Sophie Calle

Paris France 1953, lives and works in Paris

For thirty years now, the art of Sophie Calle has been concerned with the will to acquire a grasp of existence and the longing to surrender to it. The works based on events from her personal life have their counterparts in those which seem to involve the reverse: works in which the art leaves its mark on her daily life. Even as a child, Calle was fond of rituals. Since 1979 they have found a place in her work: in the strategies that determine and structure her approach to daily activities.Sophie Calle plays the game with great dedication and perseverance; in her artworks she chronicles this in a factual as well as subdued manner.

By conceiving of life as a game, living it according to certain rules, she creates a realm within which she can submit to the unexpected and accidental. In 1979 Calle decided to follow, at random, passersby and to allow herself to be carried away by them through city streets. Since then she has devised countless scenarios in which she attempts to approach others in their own vulnerability. This was done most explicitly in The Sleepers (1979), a project forwhich she asked people to come and sleep in her bed for a few hours. And most 'brazenly' in The Address Book (1983), whose title refers to the booklet of addresses that Calle found on the street in June 1983. Intrigued by its unknown owner, she attempted to become better acquianted with him, not by way of an encounter but from the descriptions given by friends and relations listed in the book.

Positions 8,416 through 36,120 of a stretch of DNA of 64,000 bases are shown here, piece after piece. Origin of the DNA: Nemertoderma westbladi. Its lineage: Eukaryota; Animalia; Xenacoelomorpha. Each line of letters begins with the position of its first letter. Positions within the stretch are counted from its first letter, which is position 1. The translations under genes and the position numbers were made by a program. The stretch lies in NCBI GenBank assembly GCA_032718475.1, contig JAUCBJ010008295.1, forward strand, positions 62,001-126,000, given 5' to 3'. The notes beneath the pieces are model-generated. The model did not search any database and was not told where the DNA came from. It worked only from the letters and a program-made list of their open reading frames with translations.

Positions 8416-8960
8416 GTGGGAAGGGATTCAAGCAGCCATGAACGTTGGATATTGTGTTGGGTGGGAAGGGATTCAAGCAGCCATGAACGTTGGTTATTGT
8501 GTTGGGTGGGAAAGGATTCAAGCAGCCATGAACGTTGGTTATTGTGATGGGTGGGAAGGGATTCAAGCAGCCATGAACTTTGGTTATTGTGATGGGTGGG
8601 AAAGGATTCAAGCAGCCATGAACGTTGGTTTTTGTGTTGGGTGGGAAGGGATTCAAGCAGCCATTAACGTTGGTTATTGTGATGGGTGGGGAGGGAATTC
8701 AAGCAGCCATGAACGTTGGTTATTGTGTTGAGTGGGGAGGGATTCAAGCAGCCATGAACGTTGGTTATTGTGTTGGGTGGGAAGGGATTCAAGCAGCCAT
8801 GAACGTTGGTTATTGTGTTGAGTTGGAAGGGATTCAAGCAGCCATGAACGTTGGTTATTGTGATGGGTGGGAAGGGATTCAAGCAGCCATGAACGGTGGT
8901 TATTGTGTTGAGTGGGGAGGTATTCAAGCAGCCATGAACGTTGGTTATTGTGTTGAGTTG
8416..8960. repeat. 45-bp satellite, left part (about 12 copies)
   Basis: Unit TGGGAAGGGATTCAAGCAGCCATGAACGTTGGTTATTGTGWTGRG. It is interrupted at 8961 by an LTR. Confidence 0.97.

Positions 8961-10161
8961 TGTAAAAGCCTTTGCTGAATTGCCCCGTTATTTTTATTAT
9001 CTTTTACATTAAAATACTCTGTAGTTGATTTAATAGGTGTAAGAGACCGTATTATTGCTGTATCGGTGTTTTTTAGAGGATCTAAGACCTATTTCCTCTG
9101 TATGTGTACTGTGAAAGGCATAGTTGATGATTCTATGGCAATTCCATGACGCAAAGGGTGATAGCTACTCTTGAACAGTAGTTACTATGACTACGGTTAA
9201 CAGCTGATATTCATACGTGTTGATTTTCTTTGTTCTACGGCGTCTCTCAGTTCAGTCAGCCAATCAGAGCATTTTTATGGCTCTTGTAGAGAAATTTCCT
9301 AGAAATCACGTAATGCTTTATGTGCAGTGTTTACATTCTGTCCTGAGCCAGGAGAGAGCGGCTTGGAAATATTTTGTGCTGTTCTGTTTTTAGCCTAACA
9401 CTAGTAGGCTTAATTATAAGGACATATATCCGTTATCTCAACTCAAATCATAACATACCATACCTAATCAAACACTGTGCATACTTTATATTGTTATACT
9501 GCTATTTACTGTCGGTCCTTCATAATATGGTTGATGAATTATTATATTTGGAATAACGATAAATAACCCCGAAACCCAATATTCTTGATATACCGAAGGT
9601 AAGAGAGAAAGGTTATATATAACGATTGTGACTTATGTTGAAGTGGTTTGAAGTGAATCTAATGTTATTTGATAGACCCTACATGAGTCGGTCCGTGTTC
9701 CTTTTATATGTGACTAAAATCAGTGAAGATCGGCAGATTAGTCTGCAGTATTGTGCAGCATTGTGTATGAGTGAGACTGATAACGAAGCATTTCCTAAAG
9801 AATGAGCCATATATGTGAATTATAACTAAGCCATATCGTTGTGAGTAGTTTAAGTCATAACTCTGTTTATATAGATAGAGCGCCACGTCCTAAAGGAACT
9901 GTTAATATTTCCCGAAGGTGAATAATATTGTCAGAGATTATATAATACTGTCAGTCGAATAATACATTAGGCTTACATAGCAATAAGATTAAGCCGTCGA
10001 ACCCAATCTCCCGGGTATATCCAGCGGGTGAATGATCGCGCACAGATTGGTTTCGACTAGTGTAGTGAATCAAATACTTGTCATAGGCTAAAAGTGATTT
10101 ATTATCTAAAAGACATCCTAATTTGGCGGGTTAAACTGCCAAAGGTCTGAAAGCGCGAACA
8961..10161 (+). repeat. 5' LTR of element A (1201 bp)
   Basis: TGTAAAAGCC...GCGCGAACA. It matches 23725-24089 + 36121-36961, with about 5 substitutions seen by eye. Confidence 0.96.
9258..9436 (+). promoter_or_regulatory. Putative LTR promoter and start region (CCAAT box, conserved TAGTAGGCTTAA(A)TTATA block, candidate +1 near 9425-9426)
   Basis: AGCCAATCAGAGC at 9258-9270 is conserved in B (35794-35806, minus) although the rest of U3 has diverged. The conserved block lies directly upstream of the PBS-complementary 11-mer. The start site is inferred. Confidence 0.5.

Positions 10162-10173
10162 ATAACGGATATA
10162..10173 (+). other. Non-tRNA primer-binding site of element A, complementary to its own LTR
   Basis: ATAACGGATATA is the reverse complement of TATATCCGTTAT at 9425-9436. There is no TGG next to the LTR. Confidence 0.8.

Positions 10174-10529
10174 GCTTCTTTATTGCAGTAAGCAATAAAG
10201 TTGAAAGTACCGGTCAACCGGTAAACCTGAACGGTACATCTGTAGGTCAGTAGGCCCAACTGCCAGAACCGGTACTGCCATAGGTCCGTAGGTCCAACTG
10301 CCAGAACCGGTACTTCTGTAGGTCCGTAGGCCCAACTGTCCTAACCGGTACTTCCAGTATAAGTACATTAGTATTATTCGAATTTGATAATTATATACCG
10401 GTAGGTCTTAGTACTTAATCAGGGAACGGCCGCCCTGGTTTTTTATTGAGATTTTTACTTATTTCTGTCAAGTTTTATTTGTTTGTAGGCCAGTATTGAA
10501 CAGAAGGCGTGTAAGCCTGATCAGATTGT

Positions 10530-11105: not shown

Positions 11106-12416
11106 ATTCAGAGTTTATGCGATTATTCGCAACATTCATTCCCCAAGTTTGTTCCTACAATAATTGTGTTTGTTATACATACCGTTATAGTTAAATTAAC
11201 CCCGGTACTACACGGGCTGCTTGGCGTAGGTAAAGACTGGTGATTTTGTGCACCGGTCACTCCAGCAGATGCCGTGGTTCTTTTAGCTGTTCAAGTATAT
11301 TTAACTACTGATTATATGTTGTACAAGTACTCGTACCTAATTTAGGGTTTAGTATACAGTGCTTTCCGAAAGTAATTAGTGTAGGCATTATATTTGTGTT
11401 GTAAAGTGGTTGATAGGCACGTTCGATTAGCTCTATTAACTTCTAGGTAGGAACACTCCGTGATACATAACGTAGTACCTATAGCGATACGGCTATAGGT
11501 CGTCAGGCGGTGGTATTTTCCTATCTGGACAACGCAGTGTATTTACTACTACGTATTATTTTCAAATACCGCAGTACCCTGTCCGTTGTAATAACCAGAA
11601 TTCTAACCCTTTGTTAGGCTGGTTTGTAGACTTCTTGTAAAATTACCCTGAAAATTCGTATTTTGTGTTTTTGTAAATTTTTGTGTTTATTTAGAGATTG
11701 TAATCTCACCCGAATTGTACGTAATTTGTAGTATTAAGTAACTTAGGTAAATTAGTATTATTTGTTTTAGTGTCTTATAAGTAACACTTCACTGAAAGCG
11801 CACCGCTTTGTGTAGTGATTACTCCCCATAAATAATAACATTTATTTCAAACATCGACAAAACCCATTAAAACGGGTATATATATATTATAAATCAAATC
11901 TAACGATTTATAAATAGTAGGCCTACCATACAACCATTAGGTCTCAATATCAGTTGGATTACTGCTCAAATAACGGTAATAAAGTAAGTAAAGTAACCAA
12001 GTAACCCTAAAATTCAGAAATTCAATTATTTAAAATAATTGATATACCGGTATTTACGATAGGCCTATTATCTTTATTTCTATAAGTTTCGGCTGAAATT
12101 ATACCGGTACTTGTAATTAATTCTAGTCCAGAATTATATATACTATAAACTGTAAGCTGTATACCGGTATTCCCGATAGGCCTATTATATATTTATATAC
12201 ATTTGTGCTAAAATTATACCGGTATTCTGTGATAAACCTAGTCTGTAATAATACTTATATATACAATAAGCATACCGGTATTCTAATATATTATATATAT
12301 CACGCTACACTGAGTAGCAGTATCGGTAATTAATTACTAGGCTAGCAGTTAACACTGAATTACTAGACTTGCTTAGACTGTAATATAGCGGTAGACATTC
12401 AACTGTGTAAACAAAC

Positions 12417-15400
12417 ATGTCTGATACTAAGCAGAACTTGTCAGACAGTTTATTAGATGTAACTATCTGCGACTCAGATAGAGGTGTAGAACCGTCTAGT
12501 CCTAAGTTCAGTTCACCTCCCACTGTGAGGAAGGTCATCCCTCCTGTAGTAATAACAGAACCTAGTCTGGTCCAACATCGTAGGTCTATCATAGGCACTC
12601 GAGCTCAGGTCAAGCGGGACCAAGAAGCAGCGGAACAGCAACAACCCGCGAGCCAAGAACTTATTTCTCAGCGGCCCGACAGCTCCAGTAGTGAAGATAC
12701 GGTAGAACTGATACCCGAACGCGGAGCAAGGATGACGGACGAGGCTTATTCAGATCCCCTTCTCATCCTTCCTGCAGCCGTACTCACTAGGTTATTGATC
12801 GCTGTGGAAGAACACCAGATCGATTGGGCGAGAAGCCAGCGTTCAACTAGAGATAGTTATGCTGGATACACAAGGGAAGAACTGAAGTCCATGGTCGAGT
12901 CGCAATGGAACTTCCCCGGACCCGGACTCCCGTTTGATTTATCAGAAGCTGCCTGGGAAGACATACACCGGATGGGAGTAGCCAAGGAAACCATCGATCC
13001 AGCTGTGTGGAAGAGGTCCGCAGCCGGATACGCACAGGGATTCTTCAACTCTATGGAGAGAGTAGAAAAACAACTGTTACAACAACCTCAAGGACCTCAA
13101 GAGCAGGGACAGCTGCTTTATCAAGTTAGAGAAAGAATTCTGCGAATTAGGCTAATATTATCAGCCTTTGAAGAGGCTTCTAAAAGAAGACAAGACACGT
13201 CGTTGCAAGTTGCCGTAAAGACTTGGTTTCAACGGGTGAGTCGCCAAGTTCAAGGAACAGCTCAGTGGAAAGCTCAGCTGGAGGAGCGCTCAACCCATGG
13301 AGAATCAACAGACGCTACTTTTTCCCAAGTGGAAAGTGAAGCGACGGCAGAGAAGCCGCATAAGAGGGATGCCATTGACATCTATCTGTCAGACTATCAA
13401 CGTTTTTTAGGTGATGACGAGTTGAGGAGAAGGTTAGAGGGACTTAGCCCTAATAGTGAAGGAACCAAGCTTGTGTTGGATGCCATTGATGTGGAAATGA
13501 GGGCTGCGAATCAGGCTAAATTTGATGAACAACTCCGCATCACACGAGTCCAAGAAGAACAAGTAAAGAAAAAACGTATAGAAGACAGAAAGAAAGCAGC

Sophie Calle has given her own existence an important place in her work. The documentary manner in which she presents her work suggests a high degree of factualness. Precisely where fact and fiction merge is difficult for the viewer to ascertain. Influenced by the suggestive power of her work, novelist Paul Auster based the behavior of his character Maria, in Leviathan (1983), on episodes from Sophie Calle's life. She, in turn, asked this American writer to invent a fictional character which she could assume in real life. Auster refused to do so, but he did provide her with some instructions on 'how to improve life in New York'.
The Gotham Handbook (1994) provides an account of this and moreover shows the public phone booth that Sophie Calle adopted in this city and, with full devotion, transformed into a warm and cosy place. The connection between art and reality that Sophie Calle seeks can be light and poetic, or it can have a more dramatic undercurrent. In her works she makes us participants in this; at the same time she maintains a distance and leaves room for the viewer's own interpretation. Acts that she carries out in order to cope with life are more recognizable and less personal than the diary-like character of her work suggests.